If you really think about it you'd have to wonder why anyone would want to work for a company that required their employees to be self-motivated, flexible, creative and able to multi-task in a fast passed and dynamic environment. The picture that is painted in my mind is that you'll be air lifted onto an ocean tanker with a belly full of oil in the middle of the North Atlantic just after it ran into an iceberg and you are responsible for saving the oil as well as your corporate bosses from legal/environmental liability. As you watch the helicopter that dropped you melt into the horizon the first mate reports that most power systems and all external communication systems are lost. I guess if you are the kind of person who likes to be in a continual state of emergency without any lifelines this seemingly would be the perfect position.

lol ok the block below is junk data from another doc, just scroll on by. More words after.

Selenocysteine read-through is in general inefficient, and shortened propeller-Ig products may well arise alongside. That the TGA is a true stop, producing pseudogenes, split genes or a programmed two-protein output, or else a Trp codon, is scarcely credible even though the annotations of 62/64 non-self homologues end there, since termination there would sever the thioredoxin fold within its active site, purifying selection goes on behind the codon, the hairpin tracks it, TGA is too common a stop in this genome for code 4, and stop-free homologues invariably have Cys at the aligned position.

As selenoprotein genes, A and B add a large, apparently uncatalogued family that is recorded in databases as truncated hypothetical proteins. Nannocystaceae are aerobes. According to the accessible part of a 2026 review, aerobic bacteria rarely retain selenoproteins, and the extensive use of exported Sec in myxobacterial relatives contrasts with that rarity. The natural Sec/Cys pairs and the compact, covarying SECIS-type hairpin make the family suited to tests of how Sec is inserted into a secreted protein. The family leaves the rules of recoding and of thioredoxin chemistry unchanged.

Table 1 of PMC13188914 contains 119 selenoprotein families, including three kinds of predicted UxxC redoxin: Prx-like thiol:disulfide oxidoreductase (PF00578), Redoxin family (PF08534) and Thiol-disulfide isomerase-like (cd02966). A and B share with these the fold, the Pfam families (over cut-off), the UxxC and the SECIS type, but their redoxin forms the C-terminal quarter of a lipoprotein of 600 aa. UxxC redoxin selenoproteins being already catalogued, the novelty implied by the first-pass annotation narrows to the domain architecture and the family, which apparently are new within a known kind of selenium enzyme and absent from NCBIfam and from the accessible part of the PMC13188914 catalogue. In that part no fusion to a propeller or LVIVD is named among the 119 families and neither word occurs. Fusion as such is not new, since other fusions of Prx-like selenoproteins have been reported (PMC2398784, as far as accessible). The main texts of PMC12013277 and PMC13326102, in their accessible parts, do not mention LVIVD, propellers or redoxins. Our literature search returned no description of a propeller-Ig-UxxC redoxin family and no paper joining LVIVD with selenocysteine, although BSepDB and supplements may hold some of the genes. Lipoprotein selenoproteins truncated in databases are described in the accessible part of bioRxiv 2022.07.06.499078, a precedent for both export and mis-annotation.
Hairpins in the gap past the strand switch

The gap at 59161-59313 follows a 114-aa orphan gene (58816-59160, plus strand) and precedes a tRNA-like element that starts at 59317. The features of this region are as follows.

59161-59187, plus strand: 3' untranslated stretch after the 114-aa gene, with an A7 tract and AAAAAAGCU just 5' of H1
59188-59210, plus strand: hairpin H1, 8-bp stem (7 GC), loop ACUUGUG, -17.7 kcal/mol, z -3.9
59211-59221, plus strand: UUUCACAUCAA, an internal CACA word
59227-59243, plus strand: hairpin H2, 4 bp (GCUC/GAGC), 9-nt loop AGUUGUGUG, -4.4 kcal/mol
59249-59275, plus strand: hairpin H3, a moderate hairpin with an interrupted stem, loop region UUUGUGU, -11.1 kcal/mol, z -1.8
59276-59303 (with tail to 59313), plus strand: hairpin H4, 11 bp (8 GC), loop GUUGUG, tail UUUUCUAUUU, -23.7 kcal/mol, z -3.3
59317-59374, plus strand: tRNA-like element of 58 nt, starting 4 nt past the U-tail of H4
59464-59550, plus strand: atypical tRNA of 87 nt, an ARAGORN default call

In stark contrast, the following description would be far more enticing. "We provide a work environment that offers you the time, training, freedom and flexibility to create something extraordinary for our clients, coworkers and most importantly, yourself."
A job posting is an advertisement for the company and should be written with at least as much care and attention as any other client facing document. The posting should engage anyone who reads it so they would feel motivated to respond and, if not selected, would feel obligated to tell others how great your company is. Of course, in order to really pull this off and have prospective employees clamoring at your door you would have to use the standard defined in the latter job description and create that environment.